Claire Ball: Candidate Profile
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Note: Answers provided have not been edited for grammar, misspellings or typos. In some instances, candidate claims that could not be immediately verified have been omitted.
Twitter: Candidate did not respond.
Facebook: Candidate did not respond.
Family: My Mother is retired with two cats and my Father lives in California and works for Google.
I also have an older brother living in St. Louis and a younger sister with a fantastic knack for art.
Education: Keller Graduate School - Master's degree in Accounting and Finance.
DeVry University - Bachelor's degree in Accounting and Finance.
Civic involvement: Candidate did not respond.
Elected offices held: Candidate did not respond.
Should lawmakers be paid on time or should they be put in line for payment among all the state's unpaid bills?
Establishing a balanced budget each year is one of the legislature's essential functions. Lawmakers should be last in line for payment when they are not doing their jobs.
Should a comptroller be more or less active in seeking court orders to pay for state programs during a budget stalemate? Should state employees get paid with no appropriation?
Incoming revenues allow the highest priority payments to be made, which is why it is vital to know exactly who is getting paid and why. With clear-cut rationale behind the priority selection process, court orders should not be necessary.
Should the office be merged with the treasurer? Please explain why or why not.
The Illinois Constitution states the Treasurer cannot accept funds until they are recorded by the Comptroller. This rule was established for good reason. Sound accounting practices keep the duties of (1) Authorization, (2) Recordkeeping, and (3) Custody of Assets separate to minimize the risk of fraud. In Illinois, Custody of Assets are held by the Treasurer, while both Authorization and Recordkeeping are held by the Comptroller. This control should not be eliminated, especially in a state infamous for sending its' politicians to prison. Cost savings that could be achieved would be insignificant next to the increased risk of corruption.
How would you streamline your office's duties to save the state money?
I will combine general office functions, such as office space and general administrative functions, with the Treasurer's office wherever possible. I will dig into the Comptroller's budget and eliminate inefficiencies such as lobbying services for circuit court judges. There is not enough information in the budget to know what the true expenses for the office are, which is why I will also provide detail at the budget level so everyone knows exactly what the office needs to spend.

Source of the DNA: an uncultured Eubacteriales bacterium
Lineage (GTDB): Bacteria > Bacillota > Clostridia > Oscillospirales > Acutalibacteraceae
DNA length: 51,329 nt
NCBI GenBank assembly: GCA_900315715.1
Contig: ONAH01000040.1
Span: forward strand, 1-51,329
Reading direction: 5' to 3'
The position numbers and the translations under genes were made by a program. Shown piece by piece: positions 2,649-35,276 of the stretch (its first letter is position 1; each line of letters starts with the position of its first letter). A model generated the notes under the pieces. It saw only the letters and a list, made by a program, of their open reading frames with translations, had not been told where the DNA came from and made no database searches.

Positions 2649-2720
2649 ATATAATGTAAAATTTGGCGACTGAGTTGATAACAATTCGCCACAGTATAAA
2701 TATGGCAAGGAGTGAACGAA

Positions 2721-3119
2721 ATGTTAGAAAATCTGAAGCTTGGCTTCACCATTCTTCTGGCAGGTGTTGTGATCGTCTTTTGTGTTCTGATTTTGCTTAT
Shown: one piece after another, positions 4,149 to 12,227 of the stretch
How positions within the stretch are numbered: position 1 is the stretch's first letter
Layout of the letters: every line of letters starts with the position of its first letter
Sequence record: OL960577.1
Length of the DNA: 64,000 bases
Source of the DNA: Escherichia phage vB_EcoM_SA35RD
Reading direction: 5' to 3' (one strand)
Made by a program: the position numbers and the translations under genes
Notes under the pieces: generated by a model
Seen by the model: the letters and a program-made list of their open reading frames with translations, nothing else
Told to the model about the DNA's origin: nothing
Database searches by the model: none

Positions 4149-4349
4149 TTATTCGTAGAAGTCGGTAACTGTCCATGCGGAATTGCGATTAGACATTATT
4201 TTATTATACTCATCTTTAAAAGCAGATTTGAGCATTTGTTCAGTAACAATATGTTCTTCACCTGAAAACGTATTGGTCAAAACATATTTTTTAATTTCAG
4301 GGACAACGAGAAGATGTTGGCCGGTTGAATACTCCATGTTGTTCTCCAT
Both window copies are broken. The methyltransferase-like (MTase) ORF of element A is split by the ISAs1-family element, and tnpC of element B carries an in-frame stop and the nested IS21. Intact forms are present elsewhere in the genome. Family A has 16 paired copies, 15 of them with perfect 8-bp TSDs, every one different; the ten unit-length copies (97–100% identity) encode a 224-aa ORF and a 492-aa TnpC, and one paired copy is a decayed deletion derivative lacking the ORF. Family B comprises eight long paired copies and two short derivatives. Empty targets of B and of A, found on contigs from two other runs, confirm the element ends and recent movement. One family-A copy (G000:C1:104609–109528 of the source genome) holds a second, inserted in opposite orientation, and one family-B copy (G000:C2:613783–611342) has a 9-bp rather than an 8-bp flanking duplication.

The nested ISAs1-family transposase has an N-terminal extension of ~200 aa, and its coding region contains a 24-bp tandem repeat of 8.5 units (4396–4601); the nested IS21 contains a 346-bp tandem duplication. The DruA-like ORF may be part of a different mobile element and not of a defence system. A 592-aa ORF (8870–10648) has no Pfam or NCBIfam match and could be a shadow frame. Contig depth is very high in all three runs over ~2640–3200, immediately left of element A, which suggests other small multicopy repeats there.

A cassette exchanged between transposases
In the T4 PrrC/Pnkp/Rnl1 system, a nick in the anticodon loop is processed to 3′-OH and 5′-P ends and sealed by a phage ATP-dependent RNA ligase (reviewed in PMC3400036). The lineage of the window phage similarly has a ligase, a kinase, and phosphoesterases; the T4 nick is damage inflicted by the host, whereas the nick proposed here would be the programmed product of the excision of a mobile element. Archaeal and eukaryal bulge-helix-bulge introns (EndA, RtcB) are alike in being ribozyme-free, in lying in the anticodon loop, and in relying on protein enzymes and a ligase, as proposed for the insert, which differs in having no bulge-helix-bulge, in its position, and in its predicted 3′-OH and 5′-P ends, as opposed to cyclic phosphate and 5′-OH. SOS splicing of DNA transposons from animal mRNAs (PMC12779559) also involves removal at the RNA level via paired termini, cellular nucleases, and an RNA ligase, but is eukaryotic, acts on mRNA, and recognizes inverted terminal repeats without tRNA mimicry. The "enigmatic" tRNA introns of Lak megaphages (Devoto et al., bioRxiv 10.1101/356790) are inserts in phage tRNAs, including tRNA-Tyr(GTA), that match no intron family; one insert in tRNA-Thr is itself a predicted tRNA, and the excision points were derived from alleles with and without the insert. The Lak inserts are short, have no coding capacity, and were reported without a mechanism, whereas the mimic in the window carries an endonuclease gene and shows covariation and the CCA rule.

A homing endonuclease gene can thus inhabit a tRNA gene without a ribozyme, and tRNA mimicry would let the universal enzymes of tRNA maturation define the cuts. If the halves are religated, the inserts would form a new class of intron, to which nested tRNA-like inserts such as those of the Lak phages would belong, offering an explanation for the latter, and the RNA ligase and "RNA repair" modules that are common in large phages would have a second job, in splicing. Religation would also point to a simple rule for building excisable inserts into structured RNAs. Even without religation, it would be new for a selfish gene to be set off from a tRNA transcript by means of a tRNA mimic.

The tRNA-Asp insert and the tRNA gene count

What special qualifications make you the best person to serve as state comptroller?
I am an accountant, holding both a Bachelor's and Master's degrees in accounting and finance, with over ten years' experience in the field. I have experience in payables as well as financial reporting which touches the two basic areas the comptroller's office handles. These are the standard qualifications for the private sector equivalent to the state comptroller. In Illinois, no one with these qualifications has ever held the office and taxpayers deserve a comptroller who is #QualifiedNotConnected.
What other issues, if any, are important to you as a candidate for this office?
Illinois does not release financial reports on time-the 2014 report was 259 days late, for example. Financial reporting needs to be timely as well as accurate. I will get our reports out on time.
Independence is stressed in accounting, in order to provide unbiased information, but is severely lacking in state government. As a Libertarian I will provide that independence. I have no use for political favors, I am running to do the job, and I will not hesitate to speak out against either party if they are not working in the best interests of the people of Illinois.
Please name one current leader who most inspires you.
I admire Justin Amash's dedication to transparency. He posts every vote online with his justification behind it.
What is the biggest lesson you learned at home growing up?
As a homeschooled child I learned that my education was in my own hands, with all successes and failures a result of my own decisions.
If life gave you one do-over, what would you spend it on?
I would have ridden the rollercoaster rides sooner. It taught me to face my fears and just go with it.
What was your favorite subject in school and how did it help you in later life?
Philosophy. I loved studying different viewpoints and analyzing how there isn't always one right answer to any situation.
If you could give your children only one piece of advice, what would it be?
Invest early. Compound interest is your greatest ally.